Judging by the specs, the Synology DS209+ is going to be good in our tests in which we will use a new benchmark from Intel developed especially for NASes. It is called NAS Performance Toolkit and allows benchmarking a NAS under real-life conditions. With NASPT you can launch a set of NAS usage scenarios with a click of one button, which is very handy. The test can be launched in single-run or batch mode (in the latter mode the test is performed several times and the results are averaged).
This is the equipment we used for this test session:
- Synology DS209+(DSM 2.1)
- Synology DS207+(DSM 2.0)
- Desktop PC (X6800/4GB/Gigabit Ethernet/Windows XP SP2)
- Category 5e Ethernet cable
- Two Seagate Barracuda 7200.10 hard disk drives (250GB, SATA-2)
- Transcend JF130 USB flash drive (2GB)
- D-Link DIR-655 router (Gigabit Ethernet)
- NAS Performance Toolkit
- Intel Centrino notebook
- Putty SSH-client
- FlashFXP FTP-client
Yes, we tested the DS207+ with older firmware in order to see how Synology’s products are evolving over time.
So, first we used NASPT to check out the performance of the SMB protocol, i.e. when the NAS is used as a networked disk. We used all the scenarios available in NASPT 1.7, running tests in batch mode. The names of the tests are quite self-explanatory.
The results seemed somewhat disappointing to us because IOMeter had produced much higher numbers. But IOMeter is a synthetic benchmark and its results are often higher than what the device can yield under real-life load. Having run NASPT under identical conditions, we also noticed that even the results of the batch mode varied up to a couple of MBps. It means that you should view similar results as identical.
NASPT actually sets the scene. We can see that the DS209+ is faster throughout most of the tests. A performance increase in RAID0 mode can also be observed whereas IOMeter wouldn’t make this increase obvious.
Now that we’ve got a general notion of how the DS209+ performs as a networked disk, we can run another test we have not used before. Today, BitTorrent is the main protocol for sharing files. Many NASes offer the opportunity of downloading files via this protocol, and some, like Synology’s ones, can also seed files. However, a NAS can often lower its SMB performance, for example, if it is downloading too many torrents. To check out the behavior of the DS209+ in such a situation we connected it to the router (before that, the NAS had been attached directly to the desktop PC), launched a couple of torrents (with a total of about 200 peers) and performed another round of NASPT tests (we had also run this test with the torrents disabled to make sure the router would not be a bottleneck). During the test we accessed the NAS remotely via SSH and issued the top command to monitor the usage of the NAS’s resources in real time. The screenshots were made at peak moments, i.e. when the resources were used the most.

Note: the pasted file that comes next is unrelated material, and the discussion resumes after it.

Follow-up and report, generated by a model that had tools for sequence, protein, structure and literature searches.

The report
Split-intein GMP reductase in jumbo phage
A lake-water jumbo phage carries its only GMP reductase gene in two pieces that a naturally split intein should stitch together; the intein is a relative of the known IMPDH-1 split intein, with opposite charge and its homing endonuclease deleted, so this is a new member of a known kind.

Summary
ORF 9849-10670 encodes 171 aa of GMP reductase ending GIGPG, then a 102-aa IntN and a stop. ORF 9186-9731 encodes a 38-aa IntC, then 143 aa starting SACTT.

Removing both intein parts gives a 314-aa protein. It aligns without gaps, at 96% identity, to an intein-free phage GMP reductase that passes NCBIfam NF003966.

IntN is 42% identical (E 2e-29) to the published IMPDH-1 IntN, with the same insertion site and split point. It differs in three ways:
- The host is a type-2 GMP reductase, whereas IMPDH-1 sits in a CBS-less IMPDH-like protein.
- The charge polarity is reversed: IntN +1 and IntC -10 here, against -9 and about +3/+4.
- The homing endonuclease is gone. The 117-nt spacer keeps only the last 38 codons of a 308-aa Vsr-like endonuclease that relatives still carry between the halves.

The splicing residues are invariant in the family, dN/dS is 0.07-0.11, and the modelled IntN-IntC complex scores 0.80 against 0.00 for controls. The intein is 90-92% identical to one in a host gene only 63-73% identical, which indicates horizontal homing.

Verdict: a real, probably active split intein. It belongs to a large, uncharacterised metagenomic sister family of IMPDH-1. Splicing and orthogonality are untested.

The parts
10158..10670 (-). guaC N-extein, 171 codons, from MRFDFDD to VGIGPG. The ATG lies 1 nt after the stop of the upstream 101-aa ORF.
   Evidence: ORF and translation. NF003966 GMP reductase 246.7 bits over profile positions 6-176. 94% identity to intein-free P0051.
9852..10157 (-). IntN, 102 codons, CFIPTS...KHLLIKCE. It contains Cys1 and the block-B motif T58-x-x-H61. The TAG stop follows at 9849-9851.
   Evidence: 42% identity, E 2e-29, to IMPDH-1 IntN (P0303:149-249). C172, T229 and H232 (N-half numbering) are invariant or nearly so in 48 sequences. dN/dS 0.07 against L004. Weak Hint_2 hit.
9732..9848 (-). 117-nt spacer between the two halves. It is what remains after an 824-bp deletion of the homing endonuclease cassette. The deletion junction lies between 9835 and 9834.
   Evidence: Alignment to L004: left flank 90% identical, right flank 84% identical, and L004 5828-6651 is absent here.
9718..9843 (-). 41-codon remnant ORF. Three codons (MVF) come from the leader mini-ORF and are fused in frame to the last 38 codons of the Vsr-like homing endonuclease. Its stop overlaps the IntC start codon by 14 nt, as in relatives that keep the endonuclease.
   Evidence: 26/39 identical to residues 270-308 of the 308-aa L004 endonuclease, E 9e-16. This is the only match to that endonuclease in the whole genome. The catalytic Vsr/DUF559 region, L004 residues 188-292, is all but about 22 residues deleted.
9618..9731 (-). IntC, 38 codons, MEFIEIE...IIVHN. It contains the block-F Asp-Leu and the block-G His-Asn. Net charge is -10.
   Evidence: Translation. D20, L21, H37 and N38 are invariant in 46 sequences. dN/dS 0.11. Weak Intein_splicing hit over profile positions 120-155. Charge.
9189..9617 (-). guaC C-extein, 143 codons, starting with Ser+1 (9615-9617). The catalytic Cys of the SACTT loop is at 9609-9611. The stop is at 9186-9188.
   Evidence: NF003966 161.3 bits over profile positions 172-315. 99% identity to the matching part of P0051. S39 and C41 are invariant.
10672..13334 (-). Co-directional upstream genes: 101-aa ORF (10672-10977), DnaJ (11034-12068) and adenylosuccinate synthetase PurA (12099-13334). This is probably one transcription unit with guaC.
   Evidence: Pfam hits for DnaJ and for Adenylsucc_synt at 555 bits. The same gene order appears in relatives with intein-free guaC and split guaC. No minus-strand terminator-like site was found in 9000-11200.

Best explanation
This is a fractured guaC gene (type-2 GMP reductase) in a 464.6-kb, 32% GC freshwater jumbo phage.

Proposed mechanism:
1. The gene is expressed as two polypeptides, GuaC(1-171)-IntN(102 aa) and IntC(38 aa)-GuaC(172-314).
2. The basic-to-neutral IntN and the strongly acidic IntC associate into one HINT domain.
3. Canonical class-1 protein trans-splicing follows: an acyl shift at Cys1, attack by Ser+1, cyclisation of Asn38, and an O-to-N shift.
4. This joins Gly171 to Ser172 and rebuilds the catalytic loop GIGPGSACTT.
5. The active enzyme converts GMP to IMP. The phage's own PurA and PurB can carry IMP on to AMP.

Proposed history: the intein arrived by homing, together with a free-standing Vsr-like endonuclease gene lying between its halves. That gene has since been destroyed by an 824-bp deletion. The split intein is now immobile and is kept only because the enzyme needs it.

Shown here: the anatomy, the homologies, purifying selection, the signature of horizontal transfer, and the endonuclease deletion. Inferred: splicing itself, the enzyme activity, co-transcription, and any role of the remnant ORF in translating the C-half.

As you can see, both devices show similar performance when torrents. The speed is lower than without the torrents, but acceptable anyway.
So far we’ve been testing the NASes’ internal HDDs, but you can also attach an external drive to them. To test the data-transfer speed of the USB port we use an ordinary USB flash drive with a capacity of 2 gigabytes. We have to use IOMeter for that because NASPT’s test data just don’t fit into this capacity.
We don’t quite understand these results even though they are similar for both NASes. The speed is too high because the flash drive yields only 20MBps when connected directly to the desktop PC. Anyway, the speeds of writing to the flash drive are high with both NASes, the DS209+ being somewhat faster.
The next test is about the integrated FTP server available in both NAS devices. FTP remains an important data-transfer protocol and we measure the data-transfer speed not only for the integrated HDD but also for an external device, a USB flash drive. We upload and download files with FlashXFP and mark the average download speed reported by the program in the server connection log. We use the following content types: a 3.8GB image of a DVD (L), a 200MB folder with MP3 files (M), and a 200MB folder with photographs (S).
The results are impressive, again, even though there are odd fluctuations of speed when exchanging data with the USB drive. Perhaps they are due to the inaccuracy that occurs when we extrapolate the transfer speed of small files (they are transferred in less than a second) as well as due to very low latencies between transfers of individual files (that’s another point in favor of the DS209+).
As we have seen in each test, the DS209+ can really put its hardware resources to good use. Its performance will make a new reference point for every other NAS to try to achieve.